PawPaw Info

What is a Pawpaw?

Pawpaw is a small understory tree native to the eastern United States. In fact, it is found in 23 states, often along river bottoms, but also commonly in upland areas. Pawpaw has been around for hundreds of thousands of years in North America. The pawpaw fruit was known to be a food staple for Native Americans and is eaten by numerous wildlife species. Early settlers relied on pawpaw, too, as a natural source of wild fruit, well before introduction of other fruits to this country. The pawpaw is the largest native fruit in North America.

Some refer to pawpaw as North American pawpaw to avoid confusion with fruit like papaya, which have been called pawpaw. In the native forest setting, it may grow 20 or 30 feet, but is usually much smaller. The fruit in the native setting are about 3-4 inches long, and when ripe, have a custard-like texture, often described as tasting like banana or mango. Hence, the variety of nicknames such as “Indiana Banana, Hillbilly Mango, and Hipster Banana.”

Pawpaw fruit is native to parts of Ohio, it isn’t found in the wild in north central Ohio. In Ohio, pawpaw can be found throughout the southeastern, southwestern, and northwestern locales, but here in north central Ohio it isn’t found unless cultivated. While many have at least heard of pawpaw, most have not had the treat of eating pawpaw unless they walk the fall woodlands to find wild fruit.

What Do Pawpaw Fruit Look Like & When Do They Ripen?

Pawpaws raised in the orchard are regularly 4-5 inches long, weigh about ½ pound (or more) and sport a light green skin color. The pulp is typically pale yellow to orange colored, depending on the variety. Today, there are many varieties available which have differing ripening times and flavors. In our orchard, pawpaws begin ripening in late August, extending throughout September, often stretching into early and mid-October. As expected, weather is key in determining when pawpaws ripen, with cool summers delaying ripening.

What Can I do with Pawpaws?

Most pawpaws are eaten as they are. While pawpaws are quite delectable, there are a few things you should know before eating them. First, the fruit has a thin skin that should not be eaten and second, don’t eat the seeds. Cut the pawpaw in half lengthwise, remove the seeds and then scoop out the pulp with a spoon. While they are great chilled, pawpaw pulp freezes well and can be used for your favorite cookie, cake, pie, and bread recipes. They can easily be used to reduce or replace the added sugars in recipes. Pawpaw is a great substitute for bananas or zucchini in breads!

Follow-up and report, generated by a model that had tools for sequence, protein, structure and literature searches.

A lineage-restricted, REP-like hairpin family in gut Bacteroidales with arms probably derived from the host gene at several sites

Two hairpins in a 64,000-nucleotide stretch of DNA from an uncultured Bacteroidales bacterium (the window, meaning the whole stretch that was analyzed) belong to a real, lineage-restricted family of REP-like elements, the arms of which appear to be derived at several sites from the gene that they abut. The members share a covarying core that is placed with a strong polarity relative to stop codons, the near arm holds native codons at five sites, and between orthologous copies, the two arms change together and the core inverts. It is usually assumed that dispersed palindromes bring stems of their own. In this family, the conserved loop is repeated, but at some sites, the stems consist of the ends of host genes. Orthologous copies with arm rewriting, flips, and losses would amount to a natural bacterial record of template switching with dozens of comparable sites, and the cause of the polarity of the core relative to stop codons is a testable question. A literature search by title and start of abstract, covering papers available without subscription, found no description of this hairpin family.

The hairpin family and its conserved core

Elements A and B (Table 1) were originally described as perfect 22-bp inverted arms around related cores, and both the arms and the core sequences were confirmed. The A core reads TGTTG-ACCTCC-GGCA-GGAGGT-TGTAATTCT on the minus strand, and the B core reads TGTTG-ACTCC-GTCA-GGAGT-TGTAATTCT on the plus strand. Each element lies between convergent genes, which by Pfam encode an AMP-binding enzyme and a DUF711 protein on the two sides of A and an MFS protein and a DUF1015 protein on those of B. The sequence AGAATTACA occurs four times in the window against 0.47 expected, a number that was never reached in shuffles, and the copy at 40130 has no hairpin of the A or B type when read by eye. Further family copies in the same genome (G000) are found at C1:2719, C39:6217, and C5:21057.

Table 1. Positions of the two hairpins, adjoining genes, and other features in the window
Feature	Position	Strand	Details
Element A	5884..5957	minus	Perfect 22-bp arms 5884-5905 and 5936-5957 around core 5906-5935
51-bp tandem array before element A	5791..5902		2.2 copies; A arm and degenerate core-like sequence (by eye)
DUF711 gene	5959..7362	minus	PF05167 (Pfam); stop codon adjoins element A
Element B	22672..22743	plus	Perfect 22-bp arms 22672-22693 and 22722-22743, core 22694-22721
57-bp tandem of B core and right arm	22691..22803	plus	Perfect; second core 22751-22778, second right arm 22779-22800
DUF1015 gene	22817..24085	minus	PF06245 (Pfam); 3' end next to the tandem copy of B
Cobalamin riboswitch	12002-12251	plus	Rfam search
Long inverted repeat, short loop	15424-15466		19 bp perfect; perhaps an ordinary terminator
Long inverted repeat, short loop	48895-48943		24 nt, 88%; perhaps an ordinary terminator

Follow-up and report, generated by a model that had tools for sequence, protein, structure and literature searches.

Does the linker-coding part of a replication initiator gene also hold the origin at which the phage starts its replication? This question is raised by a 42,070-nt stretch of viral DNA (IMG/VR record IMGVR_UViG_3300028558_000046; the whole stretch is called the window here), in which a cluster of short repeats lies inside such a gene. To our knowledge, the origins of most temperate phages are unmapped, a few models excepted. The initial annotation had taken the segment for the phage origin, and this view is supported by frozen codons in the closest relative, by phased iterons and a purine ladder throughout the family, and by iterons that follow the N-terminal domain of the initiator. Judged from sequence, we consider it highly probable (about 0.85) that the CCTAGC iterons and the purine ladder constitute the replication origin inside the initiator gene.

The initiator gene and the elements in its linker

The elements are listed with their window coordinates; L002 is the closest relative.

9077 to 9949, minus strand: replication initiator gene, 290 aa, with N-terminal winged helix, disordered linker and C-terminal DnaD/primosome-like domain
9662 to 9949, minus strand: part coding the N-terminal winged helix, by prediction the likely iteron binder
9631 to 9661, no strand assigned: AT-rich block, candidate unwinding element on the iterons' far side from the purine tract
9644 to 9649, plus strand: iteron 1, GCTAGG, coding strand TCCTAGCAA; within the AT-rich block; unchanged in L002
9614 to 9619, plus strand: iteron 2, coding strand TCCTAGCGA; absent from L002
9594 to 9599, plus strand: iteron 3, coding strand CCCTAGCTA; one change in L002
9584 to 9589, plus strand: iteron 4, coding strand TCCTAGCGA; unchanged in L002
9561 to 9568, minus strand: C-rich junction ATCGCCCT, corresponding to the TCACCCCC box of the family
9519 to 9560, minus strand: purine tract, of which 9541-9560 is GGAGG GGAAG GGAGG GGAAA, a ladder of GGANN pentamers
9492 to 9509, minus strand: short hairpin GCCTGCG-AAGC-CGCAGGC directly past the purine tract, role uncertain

Are Pawpaws Nutritious?

Pawpaws are well known to contain a large variety of phytonutrients, which are plant produced compounds that work as antioxidants, among other benefits. Pawpaw fruit is high in protein, vitamin C, and a variety of minerals. Some of the reasons for the high amounts of beneficial compounds likely relate to the fact that cultivated pawpaw hasn’t undergone any significant genetic manipulation, with most named varieties being selections from wild trees or random crosses, and not the result of genetic manipulation. This means genetic diversity is preserved when compared to wild trees. In addition, plants allowed to undergo natural environmental stress during the growing season will result in higher levels of phytonutrients and antioxidants. This holds true for pawpaws as they can be grown without pesticides, which means they will experience many natural and competitive stresses leading to high nutrient content.

Why Can’t I Find Pawpaws at the Grocery Store?

First, although pawpaw is native to parts of Ohio, it isn’t found in the wild in north central Ohio. In Ohio, pawpaw can be found throughout the southeastern, southwestern, and northwestern locales, but here in north central Ohio it isn’t found unless cultivated. While many have at least heard of pawpaw, most have not had the treat of eating pawpaw unless they walk the fall woodlands to find wild fruit.

Secondly, there are relatively few growers of pawpaw. Along this line, pawpaws are somewhat finicky to cultivate and take about 8-10 years to begin bearing fruit. Fruit ripening must begin while the fruit is on the tree, and once started must be harvested within 1-2 days, and not allowed to “drop” from the tree to the ground. Furthermore, once harvested the fruit needs to be used quickly or pulped, although they will last for 1-2 weeks refrigerated. These and other reasons contribute to the difficulty of finding fruit in stores.

Are Pesticides Used in Growing Pawpaws?

Pawpaws have no significant native insect pests and while there are some fungi that live on pawpaw, they don’t seem to cause significant problems and do not seem to harm the trees or fruit, although there may be exceptions. Given these facts, pawpaws lend themselves to the type of holistic practices we use in our orchard. No insecticides, fungicides, or herbicides are used growing pawpaws at West View Pawpaw Farm.